On appeal, the Buyers argued that Alliant should have provided defense of the New Melle case because it had actual knowledge of the lawsuit from the title commitment, and the lawsuit constituted a public notice of a violation of a city ordinance concerning use and enjoyment of the land, which was covered by the policy. The Buyers asserted that to find no coverage would create an "absurd loophole" that allowed for the title company to decline coverage for an issue it was aware of simply because the notice of the issue had not been properly recorded with a recorder of deeds.

The Missouri Supreme Court rejected the Buyers' arguments, and stated that it was bound to enforce the Policy as it was written. In that regard, Covered Risk 5 of the Policy provided for coverage for zoning violations only "if a notice, describing any part of the Land, is recorded in the Public Records setting forth the violation or intention to enforce, but only to the extent of the violation or enforcement referred to in that notice." In other words, the policy provided that recorded notice was required for coverage. However, it was undisputed that county land records contained no document describing the property nor identifying that any ordinance violation existed. Therefore, the Court found that the specific provision did not provide for coverage of the New Melle lawsuit.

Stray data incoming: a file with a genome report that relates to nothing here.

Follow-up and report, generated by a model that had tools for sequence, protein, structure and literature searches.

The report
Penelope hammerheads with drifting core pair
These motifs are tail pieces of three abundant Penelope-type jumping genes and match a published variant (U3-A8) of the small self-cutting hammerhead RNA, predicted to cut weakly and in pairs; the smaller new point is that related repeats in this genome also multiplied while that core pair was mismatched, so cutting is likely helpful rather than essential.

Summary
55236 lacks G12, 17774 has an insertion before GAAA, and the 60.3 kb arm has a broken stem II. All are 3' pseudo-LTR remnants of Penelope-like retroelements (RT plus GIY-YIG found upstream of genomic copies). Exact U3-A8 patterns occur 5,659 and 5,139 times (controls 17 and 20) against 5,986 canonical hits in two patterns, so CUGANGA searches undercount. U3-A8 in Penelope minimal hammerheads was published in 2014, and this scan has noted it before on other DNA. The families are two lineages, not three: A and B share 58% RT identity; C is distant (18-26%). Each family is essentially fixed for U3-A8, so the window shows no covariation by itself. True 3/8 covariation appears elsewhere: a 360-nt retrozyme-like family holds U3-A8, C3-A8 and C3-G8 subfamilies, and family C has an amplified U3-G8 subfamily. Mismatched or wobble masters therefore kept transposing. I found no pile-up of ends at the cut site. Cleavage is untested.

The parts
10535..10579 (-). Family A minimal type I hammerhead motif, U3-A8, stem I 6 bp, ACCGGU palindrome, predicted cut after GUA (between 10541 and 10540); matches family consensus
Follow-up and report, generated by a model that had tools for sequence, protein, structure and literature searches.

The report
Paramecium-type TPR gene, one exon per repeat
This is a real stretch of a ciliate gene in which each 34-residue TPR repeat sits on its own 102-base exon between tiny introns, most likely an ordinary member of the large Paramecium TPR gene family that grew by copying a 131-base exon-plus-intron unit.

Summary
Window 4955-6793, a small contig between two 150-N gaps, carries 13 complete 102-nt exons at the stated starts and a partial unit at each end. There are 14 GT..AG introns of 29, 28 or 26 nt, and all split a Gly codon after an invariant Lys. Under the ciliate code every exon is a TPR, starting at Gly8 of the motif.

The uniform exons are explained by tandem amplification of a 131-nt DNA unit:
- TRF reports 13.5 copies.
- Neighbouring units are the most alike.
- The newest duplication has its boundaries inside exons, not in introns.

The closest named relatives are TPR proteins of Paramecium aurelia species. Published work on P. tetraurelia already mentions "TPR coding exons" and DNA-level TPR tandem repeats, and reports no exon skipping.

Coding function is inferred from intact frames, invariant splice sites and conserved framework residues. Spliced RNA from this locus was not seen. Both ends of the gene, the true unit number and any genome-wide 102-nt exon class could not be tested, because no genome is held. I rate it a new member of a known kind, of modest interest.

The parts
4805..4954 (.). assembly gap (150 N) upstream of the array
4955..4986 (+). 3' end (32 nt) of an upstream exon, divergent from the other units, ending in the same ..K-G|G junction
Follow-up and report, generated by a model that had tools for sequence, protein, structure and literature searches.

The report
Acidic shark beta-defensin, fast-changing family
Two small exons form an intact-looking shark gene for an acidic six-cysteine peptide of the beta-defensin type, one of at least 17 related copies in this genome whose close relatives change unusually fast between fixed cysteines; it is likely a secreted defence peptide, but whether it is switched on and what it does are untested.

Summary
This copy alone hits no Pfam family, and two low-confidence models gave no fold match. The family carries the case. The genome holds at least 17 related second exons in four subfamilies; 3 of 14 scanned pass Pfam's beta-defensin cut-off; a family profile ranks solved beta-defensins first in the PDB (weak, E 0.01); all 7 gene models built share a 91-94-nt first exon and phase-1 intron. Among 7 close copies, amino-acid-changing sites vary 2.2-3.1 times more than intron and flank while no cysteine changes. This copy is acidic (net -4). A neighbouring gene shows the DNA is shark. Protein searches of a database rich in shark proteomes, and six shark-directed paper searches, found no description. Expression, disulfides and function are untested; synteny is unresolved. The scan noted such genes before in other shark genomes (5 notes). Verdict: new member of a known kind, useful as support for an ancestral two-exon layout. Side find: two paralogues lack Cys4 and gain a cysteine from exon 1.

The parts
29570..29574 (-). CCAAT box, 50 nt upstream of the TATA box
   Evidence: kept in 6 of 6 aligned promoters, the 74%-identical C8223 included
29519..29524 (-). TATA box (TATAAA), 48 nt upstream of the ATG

In doing so, the Court similarly rejected the Buyers' argument that the policy's definition of "Public Records" was ambiguous and that "Public Records" must include court records. Once again relying on the plain language of the policy, the Court held that the policy's definition of "Public Records" limited it to those records established by statute to impart constructive notice to purchasers of real property, and therefore excluded court records.

Finally, the Court rejected Buyers' remaining arguments for coverage under Covered Risks 2 and 3 relating to defects in title and marketability based on Exclusion 1(a). That exclusion provides that:

The following matters are expressly excluded from coverage of this policy . . . (a) any law, ordinance, permit, or governmental regulation (including those related to buildings and zoning) restricting, regulating, prohibiting, or relating to

  • The occupancy, use, and enjoyment of the Land;
  • The character, dimensions, or location of any improvement erected on the Land;
  • The subdivision of land;
  • Environmental protection.

Thus, the Court held that the Policy was unambiguous and the plain meaning of Exclusion 1(a) and Covered Risk 5 controlled despite the title insurer's actual knowledge of the lawsuit.


This case reinforces the well-established maxim of contract interpretation that the language of a clear and unambiguous insurance policy will be afforded its plain meaning with particular regard to the critical provisions of coverage for zoning violations in the standard title policy: Covered Risk 5 and Exclusion 1(a). Insureds, who want more coverage for zoning issues, would be well advised to consider the zoning endorsement offered by underwriters.

The content of this article is intended to provide a general guide to the subject matter. Specialist advice should be sought about your specific circumstances.